Friday, 26 July 2013

Welby and Wonga

I wish I understood economics and finance more, but the truth is that I am fairly financially illiterate. I’m fine at managing my own money but when it comes to the stock markets, quantitative easing, the balance of payments, financial derivatives, hedge funds and the like I easily start to get very lost and very bored. Yet the financial world and its impact on ordinary people is something that none of us can avoid. Decisions made by politicians, economists, traders, lenders and bankers have a huge impact, especially on the poorest.

Unlike me, Justin Welby is someone who understands the financial world. Prior to ordination he was an oil executive, later he wrote a paper called ‘Can Companies Sin?’ and now as Archbishop of Canterbury he is a member of the influential Parliamentary Commission on Banking Standards. He understands just how important it is for the Church to understand and meaningfully engage with the financial world. He also understands that in the present economic climate the Church needs to be on the side of the poor and give help to those who are suffering through poverty.

The past few days have seen good headlines for the Church when Archbishop Justin said that the Church of England would try to force online payday lending firms, such as Wonga, out of business by helping credit unions to compete against them. But it’s also seen bad headlines when it was revealed that, unbeknown to the archbishop, the Church Commissioners (who invest the Church’s money to fund pensions) have indirectly invested a very small amount of capital in Wonga through a venture capital firm. Despite the bad headlines (and the truth is that it is really hard for any investor to know exactly where the companies they invest in will end up investing their capital) the principle of Welby’s plan to support credit unions is really breathtakingly audacious, and it would be unfair for it to be overshadowed.

The main difference between payday lenders and credit unions is the rate of interest charged for a loan. Payday lenders such as Wonga can charge around 1% interest per day whereas credit unions can only charge up to 2% interest per month. That means that payday lenders are making money out of the poor (after all it’s only the poorest in society that often need these kind of short-term loans) whereas the credit unions charge a much smaller rate of interest just to break even.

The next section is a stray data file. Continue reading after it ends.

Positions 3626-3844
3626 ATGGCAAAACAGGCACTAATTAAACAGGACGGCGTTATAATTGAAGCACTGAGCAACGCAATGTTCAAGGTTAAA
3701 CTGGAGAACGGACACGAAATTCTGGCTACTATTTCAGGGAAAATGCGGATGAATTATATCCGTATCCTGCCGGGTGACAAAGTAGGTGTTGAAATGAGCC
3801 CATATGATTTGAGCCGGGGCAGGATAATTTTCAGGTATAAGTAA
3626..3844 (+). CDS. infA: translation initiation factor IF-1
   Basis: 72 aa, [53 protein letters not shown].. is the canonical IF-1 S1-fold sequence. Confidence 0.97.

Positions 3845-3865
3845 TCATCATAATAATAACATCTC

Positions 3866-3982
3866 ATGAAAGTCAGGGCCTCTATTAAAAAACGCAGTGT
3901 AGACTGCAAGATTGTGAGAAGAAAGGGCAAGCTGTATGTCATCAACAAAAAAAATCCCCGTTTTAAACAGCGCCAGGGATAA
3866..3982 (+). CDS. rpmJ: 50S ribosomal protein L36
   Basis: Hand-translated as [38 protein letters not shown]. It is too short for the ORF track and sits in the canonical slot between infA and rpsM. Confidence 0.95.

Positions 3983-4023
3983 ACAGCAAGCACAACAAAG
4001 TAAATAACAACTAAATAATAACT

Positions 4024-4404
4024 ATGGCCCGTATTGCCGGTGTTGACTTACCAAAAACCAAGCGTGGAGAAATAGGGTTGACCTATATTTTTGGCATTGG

The Bible is clear that usury - the charging of excessive rates of interest - is a sin. So how can  charging 5,853% APR (Wonga’s annual rate of interest) ever be justified? It is this injustice that Welby and the Church are challenging through promoting the idea of credit unions using parish churches to allow local people access to finance that doesn’t charge extortionate rates of interest. Additionally, if people had easier access to credit unions then perhaps those in desperate need of cash could avoid the illegal and predatory loan sharks than plague our poorer communities. 

For all the embarrassment that Welby and the Church have faced over a tiny percentage of its capital being indirectly invested in Wonga, what the Archbishop of Canterbury has proposed is far too important to improving the lives of the poorest to be blown off course. If the Church can help force payday lenders and illegal loan sharks out of business then the lives of some of the poorest in our society could be changed and perhaps the spiralling of debt can be ended.

Justin Welby is to be commended for his vision and his commitment to helping the poorest in our society. After all, those in poverty are human beings and should never be a commodity for companies and individuals to make money from.

If you lend money to any of my people among you who is needy, do not treat it like a business deal; charge no interest.’ Exodus 22:25.


  1. Bible is even more clear and radical than being against excessive rates of interest. Rather, as Ex 22:25, the ethic for Israel is that no interest should be charged to those within the house of Israel. If this applies to contemporary church then it means we need to rethink mortgages, car finance, etc .... Thanks for writing this post as it points again to Welby pointing the way to a more radical way of being church.

  2. Judaism and medieval Christianity were indeed crystal clear that no interest should be charged at all. It was John Calvin and the Protestant Reformers who reinterpreted texts on usury to allow a small amount of interest to be charged. Personally I have far more sympathy with earlier Jewish and Christian views on usury and am uncomfortable with even small rates of interest being charged. However, I also acknowledge that the world is complex and even using a credit union is far from ideal - though it is better than the alternatives.